Raskolnikov has lain stupefied on his sofa for hours. He awakens after 2:00 a.m. and suddenly recalls everything. Seized by panic, he is astonished that he had thrown himself down without bothering to undress or even check his clothes for bloodstains; he proceeds to do so now, taking everything off and searching each piece several times over. He finds blood on a frayed trouser-cuff, and cuts it off.
He remembers suddenly that the stolen goods are still in his pockets, and again is astonished at his own irresponsibility. He stuffs everything into a hole in the wall concealed by the wallpaper, and is temporarily pleased with himself, but moments later upbraids himself with his clumsiness in merely shoving everything out of sight. Exhausted, and fearful that he is losing the ability to think clearly, he sits down on the couch once again, and slips into sleepbut only for five minutes.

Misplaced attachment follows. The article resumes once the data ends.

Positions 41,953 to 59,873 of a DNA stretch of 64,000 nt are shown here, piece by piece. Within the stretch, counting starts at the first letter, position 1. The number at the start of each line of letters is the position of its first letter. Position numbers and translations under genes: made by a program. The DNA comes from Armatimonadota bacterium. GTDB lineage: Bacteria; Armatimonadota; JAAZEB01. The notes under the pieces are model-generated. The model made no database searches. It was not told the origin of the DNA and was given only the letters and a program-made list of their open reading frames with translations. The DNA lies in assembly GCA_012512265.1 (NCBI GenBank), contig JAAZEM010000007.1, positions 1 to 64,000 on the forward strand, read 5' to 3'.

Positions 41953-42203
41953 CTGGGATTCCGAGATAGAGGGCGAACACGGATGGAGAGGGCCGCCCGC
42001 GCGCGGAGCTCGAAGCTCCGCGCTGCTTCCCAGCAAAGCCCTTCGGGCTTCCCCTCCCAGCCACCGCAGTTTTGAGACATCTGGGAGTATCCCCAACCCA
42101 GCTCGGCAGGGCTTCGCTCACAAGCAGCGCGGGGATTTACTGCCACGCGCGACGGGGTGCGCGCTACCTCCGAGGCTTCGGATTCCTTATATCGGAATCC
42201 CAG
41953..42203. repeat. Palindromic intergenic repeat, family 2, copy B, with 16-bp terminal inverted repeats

He leaps up again, having recalled the loop that is still sewn into his coat, and removes it, then tears it into strips and stuffs it under his pillow. Again he despairs that he is losing his reason, especially as the bloodstained fringe had been left on the floor in the middle of his room.
When he reasons that because there was blood on the purse, there must be some on the lining of his pocket, he is considerably cheered to find that his pocket-lining indeed has blood on it, because it indicates that he has not completely lost his mind. Then he finds that his sock also has blood (since his boots have holes in them). Holding the evidence, he tries to figure out where to hide it, and resolves to throw it away somewhere, but he sits down on the sofa . . . then lies down and covers his shivering body with his coat . . . and falls into a fitful sleep.
He is awakened by Nastasya knocking on his door. He hears the caretaker with her, and is alarmed: what could he possibly want? Without getting out of bed (his room is cramped enough to enable him to do this), he unhooks the door and lets them in.